Dio Chrysostom


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Dio Chrysostom

(dīo krĭs`əstəm, krĭsŏs`–), d. after A.D. 112, Greek Sophist and orator [Chrysostom=golden-mouthed], b. Prusa (modern Bursa) in Bithynia. He lived at Rome under Emperor Domitian, who subsequently banished him. He traveled widely, finally returning to Rome in the favor of emperors Nerva and Trajan. He leaned toward the philosophy of the Cynics and Stoics. With Plutarch he shared in the revival of Greek literature in the 1st cent. Extant are 80 orations on literary, political, and philosophical subjects.

Dio Chrysostom

2nd century ad, Greek orator and philosopher
References in periodicals archive ?
Furthermore, Pseudo-Diogenes as well as Dio Chrysostom evidently interpret the anecdote, while Plutarch adds to it for purposes of his own.
In an oration of Dio Chrysostom, where he makes Diogenes comment on various aspects of Alexander's behaviour, the philosopher stresses the superiority of natural emblems of kingship.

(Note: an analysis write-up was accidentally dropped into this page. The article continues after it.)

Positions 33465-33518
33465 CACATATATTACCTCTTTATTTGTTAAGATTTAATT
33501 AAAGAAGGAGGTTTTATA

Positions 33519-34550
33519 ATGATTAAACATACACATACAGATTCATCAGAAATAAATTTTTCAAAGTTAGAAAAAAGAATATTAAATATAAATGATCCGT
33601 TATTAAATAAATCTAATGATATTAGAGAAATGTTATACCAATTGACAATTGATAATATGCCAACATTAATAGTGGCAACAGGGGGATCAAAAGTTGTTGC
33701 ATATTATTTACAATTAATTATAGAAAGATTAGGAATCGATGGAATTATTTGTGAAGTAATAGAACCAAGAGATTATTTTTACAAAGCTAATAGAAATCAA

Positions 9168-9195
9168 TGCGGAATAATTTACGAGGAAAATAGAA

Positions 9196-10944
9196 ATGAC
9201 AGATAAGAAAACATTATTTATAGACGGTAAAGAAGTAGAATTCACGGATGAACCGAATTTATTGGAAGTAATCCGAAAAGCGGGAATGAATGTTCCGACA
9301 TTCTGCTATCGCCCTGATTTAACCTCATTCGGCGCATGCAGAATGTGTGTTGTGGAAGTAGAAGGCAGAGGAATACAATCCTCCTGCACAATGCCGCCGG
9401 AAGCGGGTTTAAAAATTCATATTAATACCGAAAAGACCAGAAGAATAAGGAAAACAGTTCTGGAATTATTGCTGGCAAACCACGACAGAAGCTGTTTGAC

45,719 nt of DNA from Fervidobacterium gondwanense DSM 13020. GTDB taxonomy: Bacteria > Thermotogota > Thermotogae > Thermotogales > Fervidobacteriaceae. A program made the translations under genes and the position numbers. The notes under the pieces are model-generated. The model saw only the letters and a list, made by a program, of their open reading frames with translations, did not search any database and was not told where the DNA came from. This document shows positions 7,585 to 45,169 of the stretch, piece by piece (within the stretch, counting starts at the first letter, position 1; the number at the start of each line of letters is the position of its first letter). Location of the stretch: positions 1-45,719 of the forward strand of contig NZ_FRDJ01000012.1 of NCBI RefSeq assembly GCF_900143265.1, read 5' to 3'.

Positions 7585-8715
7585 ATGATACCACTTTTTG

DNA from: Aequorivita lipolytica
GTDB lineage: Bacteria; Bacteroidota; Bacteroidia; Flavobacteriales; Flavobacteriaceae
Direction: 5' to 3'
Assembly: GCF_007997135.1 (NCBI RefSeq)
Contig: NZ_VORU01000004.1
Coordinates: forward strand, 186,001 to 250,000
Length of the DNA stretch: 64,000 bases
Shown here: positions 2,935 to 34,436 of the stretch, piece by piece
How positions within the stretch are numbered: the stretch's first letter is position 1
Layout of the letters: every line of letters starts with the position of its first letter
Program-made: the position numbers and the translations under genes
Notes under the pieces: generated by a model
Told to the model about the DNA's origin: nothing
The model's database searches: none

35) Apparently Dio Chrysostom disagrees (or is unfamiliar) with Pliny the Elder, according to whom the king bee had the emblem of a diadem around his head, exactly like a human sovereign (supra).
In this article, we will focus on ten Greek and Roman writers who mentioned the king bee, namely Plato, Xenophon, Aristotle, Varro, Virgil, Seneca the Younger, Columella, Pliny the Elder, Dio Chrysostom and Aelian.
Their topics include places for history in the sociology of religion, the history of meaning, indigenous leadership and party politics among the Amasiri of southeastern Nigeria, the development and major problems of religious legislation in Taiwan, developing a historical sociology of nationalism and state secularization in Latin America, Dio Chrysostom and the pragmatist motif in representing divinity, and creating discourses on religion at the US State Department.